It makes sense to think carefully about any outdoor space when you’re looking for a place to rent. Some people love to spend time outside. For others, a garden is a hassle they don’t need or want. But, as it’s likely your landlord will include certain conditions in your tenancy agreement regarding the upkeep of any outdoor spaces, it’s a good idea to think about the amount of garden maintenance you’re prepared, willing and able to do.
You might never have wielded a trowel or pushed a lawnmower in your life, but if the property has a garden, these tasks can become your responsibility. Think of it this way. You’re not renting a house. You’re renting a property. And just as you’ll be expected to look after the house, you’ll be expected to return the garden in a condition similar to how it was when your tenancy began. Even if you’re not interested in that outside space and use it only as somewhere to store the dustbin, you cannot ignore the lawn or allow weeds to run rampant and expect to get your deposit back. In fact, a lot of post tenancy disputes about withheld deposits are about the state of the garden.
Most landlords are reasonable. They won’t expect you to do significant work like tree pruning or landscaping, but they might object if you decide to sink a pond, build decking or dig up a specimen tree. At the outset, it’s best to check their expectations.
If there are hedges, don’t assume someone else is going to be calling around – check whether you’re supposed to trim them. If, for example, you’re expected to mow the lawns, ask whether a lawnmower and some basic gardening tools are included in the inventory. If not, that’s an expense you may need to budget for. If you’re not physically able to handle the workload and don’t want to employ someone else to keep on top of things, perhaps it’s not the right property for you.
Gardens are, however, a lot more than extra work and extra responsibility. The extra space can be a bonus if you’ve got children or pets. But again, before you sign, consider whether the garden is suitable. Is a tiny ornamental garden a good choice if you’ve got three lively youngsters at home? An uncovered pond could be a real risk for little ones, and boundaries need to be secure to keep Fido safe at home.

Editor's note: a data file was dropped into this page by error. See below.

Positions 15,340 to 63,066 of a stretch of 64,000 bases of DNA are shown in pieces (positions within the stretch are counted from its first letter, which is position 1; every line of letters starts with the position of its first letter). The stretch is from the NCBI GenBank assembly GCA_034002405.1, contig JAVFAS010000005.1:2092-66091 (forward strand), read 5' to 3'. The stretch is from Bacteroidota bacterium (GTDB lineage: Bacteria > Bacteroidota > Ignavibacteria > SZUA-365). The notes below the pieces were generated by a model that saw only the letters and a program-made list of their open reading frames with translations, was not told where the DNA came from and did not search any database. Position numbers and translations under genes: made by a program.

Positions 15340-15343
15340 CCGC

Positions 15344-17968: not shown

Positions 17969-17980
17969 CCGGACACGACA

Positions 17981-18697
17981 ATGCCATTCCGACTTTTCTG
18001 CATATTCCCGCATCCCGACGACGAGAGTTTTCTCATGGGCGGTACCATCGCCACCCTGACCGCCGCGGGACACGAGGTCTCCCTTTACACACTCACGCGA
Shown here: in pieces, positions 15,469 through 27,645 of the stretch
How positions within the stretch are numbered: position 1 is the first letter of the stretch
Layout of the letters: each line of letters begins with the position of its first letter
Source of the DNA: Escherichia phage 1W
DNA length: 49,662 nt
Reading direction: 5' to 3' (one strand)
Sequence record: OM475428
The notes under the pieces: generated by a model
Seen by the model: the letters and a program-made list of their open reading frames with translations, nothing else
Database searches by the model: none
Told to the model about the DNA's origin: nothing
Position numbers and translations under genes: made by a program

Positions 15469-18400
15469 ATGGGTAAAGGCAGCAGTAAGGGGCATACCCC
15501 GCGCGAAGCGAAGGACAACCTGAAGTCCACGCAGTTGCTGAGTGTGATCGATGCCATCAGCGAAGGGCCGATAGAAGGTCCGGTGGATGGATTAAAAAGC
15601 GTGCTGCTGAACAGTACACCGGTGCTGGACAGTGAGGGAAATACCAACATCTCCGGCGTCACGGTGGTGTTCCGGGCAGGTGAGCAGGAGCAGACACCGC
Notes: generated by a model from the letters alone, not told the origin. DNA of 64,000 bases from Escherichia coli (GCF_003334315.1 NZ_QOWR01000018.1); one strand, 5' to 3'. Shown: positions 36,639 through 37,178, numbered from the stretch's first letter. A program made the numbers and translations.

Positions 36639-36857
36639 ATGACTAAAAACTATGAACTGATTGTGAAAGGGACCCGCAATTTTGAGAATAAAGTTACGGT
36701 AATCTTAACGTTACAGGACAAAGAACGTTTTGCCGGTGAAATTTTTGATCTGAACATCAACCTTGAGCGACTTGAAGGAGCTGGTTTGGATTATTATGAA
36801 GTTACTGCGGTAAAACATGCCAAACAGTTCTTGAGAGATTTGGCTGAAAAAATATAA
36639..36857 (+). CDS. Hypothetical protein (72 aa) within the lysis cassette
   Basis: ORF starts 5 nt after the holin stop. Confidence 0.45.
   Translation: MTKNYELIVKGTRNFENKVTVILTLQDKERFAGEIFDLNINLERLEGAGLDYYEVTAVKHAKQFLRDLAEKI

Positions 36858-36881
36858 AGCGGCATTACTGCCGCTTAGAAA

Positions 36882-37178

Of course, if you love spending time in outdoor spaces, a garden can be a blessing. Even in a rented property, there’s plenty of scope to give your green fingers the chance to grow something fabulous. You are permitted to plant new things, but it might be worth checking before you dig over a new plot for organic veg or establish a rose garden. If you’re thinking of anything that’s long-term, ask first. Your landlord might even see the work as an improvement and help with the cost.
If you’re restricted on the changes you can make, you can still create a stunning garden with tubs and planters, with solar lights and some bits and bobs of upcycled outdoor furniture – things you can take with you if you move on. A lot of trees and shrubs are perfectly happy in containers. Window boxes and hanging baskets can be planted to give year-round colour. Get the kids involved, too. It’s a great learning opportunity. They can grow salad leaves, courgettes and strawberries in grow bags. Plant a couple of seed potatoes in an old bucket and enjoy the magic when the spuds multiply.
If you’re counting the pennies, local gardening clubs often give away surplus young plants. If you can’t tell a weed from a perennial, ask for advice. Most gardeners are more than happy to help, and you’ll soon pick up the basics. Gardening is great exercise too. Good for the body and soul.
If you want to feel at home in a rental property, make sure the whole property – indoor and out – is right for you. Be honest about whether you want outdoor space. If you do, check the landlord’s expectations, and then make that outdoor space part of your new home.